Rhythms of Memory

Our neurons learn best when they’re working on the same wavelength – literally, says a new study.

What are these neurons doing, you ask? Well, um...it's grown-up neuron stuff, OK?

For every synapse – every signaling junction between neurons – there’s a certain firing frequency that increases signal strength the most. In short, neurons work like tiny analog antennas – tuning into incoming signals and passing along the clearest, strongest ones as electrochemical messages.

This represents a huge breakthrough in our understanding of how our brains work. Neuroscientists have known for decades that we (and other animals) learn by strengthening connections between certain neurons – i.e., the more a pair of neurons communicate with each other, the more receptive and sensitive they become to each others’ electrochemical signals. But one central mystery remained: what makes some neurons more likely to “hear” signals from certain other neurons in the first place?

Now we know that every synapse has a frequency “sweet spot” – a certain frequency to which it’s most responsive. The farther away from a neuron’s nucleus a certain synapse is, the higher the frequency of its sweet spot. Thus, different parts of a neuron are tuned to different signal wavelengths.

As the journal Frontiers in Computational Neuroscience reports, a team led by UCLA’s Arvind Kumar and Mayank Mehta set out to expand on previous studies, which had found that stimulating neurons with high-frequency electrical pulses (or “spikes“) – around 100 per second – tended to strengthen synaptic connections, while stimulating them with low-frequency pulses – around one per second – tended to weaken those connections. (Click here for a straightforward explanation of how electrical pulses help transmit signals between neurons.)

In the real world, however, neurons typically fire much quicker bursts – only about ten spikes at a time – at a rate of around 50 spikes per second. “Spike frequency refers to how fast the spikes come,” Mehta explains. “Ten spikes could be delivered at a frequency of 100 spikes a second or at a frequency of one spike per second.”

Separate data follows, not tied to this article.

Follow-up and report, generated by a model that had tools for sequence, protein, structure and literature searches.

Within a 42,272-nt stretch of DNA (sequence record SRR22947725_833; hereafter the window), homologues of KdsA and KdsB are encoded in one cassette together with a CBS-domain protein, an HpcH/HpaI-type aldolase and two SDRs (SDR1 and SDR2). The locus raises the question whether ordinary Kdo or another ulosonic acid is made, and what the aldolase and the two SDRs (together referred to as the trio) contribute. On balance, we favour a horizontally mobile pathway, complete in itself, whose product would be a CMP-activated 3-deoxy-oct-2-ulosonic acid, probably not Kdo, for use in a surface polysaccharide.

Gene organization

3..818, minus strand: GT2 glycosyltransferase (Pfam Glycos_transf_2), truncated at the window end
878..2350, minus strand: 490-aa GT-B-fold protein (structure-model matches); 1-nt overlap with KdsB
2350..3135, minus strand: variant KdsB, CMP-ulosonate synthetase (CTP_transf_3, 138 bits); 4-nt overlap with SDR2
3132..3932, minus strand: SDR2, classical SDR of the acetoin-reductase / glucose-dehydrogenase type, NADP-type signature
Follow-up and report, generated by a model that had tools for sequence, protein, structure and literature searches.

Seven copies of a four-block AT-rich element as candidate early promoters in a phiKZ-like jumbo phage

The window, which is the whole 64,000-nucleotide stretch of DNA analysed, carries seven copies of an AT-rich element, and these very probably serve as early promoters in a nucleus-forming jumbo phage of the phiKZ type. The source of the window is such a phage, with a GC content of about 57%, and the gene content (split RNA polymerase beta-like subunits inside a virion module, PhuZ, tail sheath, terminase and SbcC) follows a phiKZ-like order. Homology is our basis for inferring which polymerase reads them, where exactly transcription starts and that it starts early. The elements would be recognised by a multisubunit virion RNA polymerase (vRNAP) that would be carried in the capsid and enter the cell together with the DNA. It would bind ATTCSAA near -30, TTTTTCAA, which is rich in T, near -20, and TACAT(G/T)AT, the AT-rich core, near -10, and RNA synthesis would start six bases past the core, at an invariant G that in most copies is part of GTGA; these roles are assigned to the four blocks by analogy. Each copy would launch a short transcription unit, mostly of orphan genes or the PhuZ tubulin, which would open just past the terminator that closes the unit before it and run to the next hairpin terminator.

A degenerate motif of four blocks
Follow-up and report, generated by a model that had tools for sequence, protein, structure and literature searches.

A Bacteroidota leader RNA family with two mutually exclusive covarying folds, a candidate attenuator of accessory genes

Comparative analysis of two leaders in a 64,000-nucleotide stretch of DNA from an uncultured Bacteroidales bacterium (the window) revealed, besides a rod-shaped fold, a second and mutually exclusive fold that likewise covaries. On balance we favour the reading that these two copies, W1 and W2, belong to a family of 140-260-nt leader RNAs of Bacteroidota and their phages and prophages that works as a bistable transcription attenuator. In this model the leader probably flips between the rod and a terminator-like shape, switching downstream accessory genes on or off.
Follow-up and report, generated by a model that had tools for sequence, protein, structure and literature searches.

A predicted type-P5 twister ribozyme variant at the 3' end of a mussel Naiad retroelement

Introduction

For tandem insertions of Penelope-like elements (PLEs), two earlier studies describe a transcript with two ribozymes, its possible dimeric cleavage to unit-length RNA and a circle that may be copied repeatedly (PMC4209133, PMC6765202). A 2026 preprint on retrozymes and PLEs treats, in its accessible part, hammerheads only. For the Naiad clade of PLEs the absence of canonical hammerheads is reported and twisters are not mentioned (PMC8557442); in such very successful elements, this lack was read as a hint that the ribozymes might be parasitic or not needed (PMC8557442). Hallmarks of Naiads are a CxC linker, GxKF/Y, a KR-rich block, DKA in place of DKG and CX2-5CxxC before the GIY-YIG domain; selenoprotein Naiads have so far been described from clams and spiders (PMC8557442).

Until now, neuroscientists lacked the technology to model the results of such brief firing bursts with much accuracy – but Mehta and Kumar designed a sophisticated computer model to test spike frequencies and burst lengths closer to real-world levels:

We computed the influence of these variables on the plasticity induced at a single NMDAR containing synapse using a reduced model that was analytically tractable, and these findings were confirmed using detailed, multi-compartment model.

In other words, they created a simulation of an NMDAR, a certain type of receptor for the neurotransmitter glutamate. These receptors are crucial for strengthening synapses – and thus, for memory formation and learning.

Using their model, the researchers made four major new discoveries:

1) The more distant from a neuron’s soma (main body) a synapse is, the higher the spiking frequency to which it’s “tuned.”  In fact, the same frequency can strengthen or weaken a synaptic connection, depending on where on the neuron that particular synapse is located.

2) Regular, rhythmic pulses cause greater changes in synaptic strength (i.e., greater synaptic plasticity) than irregular bursts do.

3) Short bursts of spikes significantly raise the timing dependence of synaptic plasticity – in other words, the shorter the burst, the more important it is to get the frequency spot-on.

4) Once a synapse learns to communicate with another synapse, its optimal frequency changes – say, from 30 spikes per second to 24 spikes per second.

The internet is now abuzz with chatter about the implications of these results. One intriguing idea is that gradual “detuning” among synapses could underlie the process of forgetting – and that future drugs or electrical therapies could help “retune” some of these rhythms.

The research also raises the question of how incoming rhythms from our senses – especially light and sound – might directly impact these firing frequencies. We’ve known for years that some types of epileptic siezures can be triggered by light flashing at certain frequencies, and that music playing at certain rhythms can pump us up or calm us down. Is it so far-fetched to suggest that rhythms like these might also help shape our thoughts and memories?

On that note, I’m off to stare at some strobe lights and listen to four-on-the-floor dance music…for Science!


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